Hawthorne links the preface to the novel proper through the explanation of his discovery in the Custom House of a manuscript and the remnants of an embroidered letter A supposedly left behind by one of his predecessors, the surveyor Jonathan Pue. These materials, Hawthorne suggests, provided him with the substance of the narrative that follows and lend it authenticity. This claim of physical evidence for the story that unfolds emphasizes its ties to history, but Hawthorne also explores his fascination with the idea of the scarlet letter, his desire to discern its meaning, to solve its riddle. He speaks of the letter as a "mystic symbol" that demands interpretation and that offers a multiplicity of meanings. He suggests that his own "imagining [of] the motives and modes of passion that influenced the characters" (p. 147) gives access to a truth that may be found when "the Actual and the Imaginary . . . meet, and each imbue itself with the nature of the other" (p. 149), indicating his view that the romance allows its author to engage in imaginative reconstruction, to tell the stories of the past that may not be part of the official public record but that have a bearing on personal and cultural identity and on the specific historical circumstances of the writer's own time.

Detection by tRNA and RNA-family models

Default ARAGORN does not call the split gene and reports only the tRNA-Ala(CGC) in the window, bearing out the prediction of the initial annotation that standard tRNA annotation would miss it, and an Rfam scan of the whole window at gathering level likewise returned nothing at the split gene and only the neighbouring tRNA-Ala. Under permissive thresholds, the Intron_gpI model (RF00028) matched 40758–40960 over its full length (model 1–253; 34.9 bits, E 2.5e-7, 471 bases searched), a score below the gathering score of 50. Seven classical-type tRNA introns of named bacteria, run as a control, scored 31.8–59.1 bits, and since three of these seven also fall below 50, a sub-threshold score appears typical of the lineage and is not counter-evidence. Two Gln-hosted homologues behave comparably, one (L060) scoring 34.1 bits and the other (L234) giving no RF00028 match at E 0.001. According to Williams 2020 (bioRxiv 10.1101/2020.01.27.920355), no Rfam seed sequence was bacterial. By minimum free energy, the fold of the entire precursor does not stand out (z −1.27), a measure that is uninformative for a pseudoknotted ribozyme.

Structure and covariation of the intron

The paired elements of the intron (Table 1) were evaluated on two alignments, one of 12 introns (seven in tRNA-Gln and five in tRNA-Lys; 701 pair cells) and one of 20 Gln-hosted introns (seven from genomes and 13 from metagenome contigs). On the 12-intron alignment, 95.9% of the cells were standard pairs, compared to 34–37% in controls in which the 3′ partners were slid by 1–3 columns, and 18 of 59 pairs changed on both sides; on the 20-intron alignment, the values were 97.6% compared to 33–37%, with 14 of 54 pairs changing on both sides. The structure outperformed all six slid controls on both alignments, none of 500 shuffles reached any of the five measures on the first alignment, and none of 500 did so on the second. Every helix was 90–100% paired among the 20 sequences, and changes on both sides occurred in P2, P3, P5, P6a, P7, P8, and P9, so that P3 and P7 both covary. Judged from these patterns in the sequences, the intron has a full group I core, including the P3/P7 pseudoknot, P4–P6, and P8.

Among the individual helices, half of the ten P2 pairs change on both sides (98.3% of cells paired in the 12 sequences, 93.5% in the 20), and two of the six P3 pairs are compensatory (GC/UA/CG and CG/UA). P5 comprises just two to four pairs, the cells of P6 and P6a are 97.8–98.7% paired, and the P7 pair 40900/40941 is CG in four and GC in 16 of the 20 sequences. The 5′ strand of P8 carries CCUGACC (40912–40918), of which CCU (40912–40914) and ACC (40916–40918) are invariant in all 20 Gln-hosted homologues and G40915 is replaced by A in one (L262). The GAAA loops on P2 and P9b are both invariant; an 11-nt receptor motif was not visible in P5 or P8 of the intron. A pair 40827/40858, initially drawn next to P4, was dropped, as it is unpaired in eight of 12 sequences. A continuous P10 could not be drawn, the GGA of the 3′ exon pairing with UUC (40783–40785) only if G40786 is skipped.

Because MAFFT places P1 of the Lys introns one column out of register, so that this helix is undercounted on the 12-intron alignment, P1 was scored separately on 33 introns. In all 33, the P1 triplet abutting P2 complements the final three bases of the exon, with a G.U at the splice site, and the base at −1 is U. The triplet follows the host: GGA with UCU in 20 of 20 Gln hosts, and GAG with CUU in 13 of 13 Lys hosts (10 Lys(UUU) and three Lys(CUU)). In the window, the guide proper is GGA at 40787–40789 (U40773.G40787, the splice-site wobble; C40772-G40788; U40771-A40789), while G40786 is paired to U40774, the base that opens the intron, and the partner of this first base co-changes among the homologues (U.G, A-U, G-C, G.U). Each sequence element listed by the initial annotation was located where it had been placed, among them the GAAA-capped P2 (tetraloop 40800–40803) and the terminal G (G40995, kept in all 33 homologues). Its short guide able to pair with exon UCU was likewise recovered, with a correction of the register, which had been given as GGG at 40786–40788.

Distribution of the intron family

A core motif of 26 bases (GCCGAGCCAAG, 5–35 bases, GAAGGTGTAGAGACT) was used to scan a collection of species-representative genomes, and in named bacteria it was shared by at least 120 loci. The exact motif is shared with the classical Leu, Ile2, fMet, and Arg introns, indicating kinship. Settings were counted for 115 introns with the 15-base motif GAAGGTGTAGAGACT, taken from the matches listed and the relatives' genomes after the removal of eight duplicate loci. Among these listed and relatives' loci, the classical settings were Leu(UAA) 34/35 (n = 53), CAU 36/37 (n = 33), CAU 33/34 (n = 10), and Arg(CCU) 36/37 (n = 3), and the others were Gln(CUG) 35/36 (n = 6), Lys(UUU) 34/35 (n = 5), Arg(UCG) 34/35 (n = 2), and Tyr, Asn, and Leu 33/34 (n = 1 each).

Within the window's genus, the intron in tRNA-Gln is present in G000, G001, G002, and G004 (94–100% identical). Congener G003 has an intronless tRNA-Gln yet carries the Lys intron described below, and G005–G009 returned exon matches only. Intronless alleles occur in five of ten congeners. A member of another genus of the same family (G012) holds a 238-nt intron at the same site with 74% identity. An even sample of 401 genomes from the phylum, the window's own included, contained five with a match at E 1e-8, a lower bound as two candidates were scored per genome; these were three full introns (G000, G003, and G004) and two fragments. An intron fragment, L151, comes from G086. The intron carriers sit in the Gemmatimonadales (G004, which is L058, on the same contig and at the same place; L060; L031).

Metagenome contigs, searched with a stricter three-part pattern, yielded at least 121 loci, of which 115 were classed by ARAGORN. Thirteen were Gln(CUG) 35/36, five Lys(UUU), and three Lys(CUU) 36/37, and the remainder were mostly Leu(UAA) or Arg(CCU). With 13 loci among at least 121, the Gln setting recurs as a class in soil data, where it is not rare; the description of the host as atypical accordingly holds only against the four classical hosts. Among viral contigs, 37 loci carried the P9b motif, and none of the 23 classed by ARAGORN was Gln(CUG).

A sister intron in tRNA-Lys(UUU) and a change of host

HAWTHORNE AND NEW ENGLAND'S HISTORY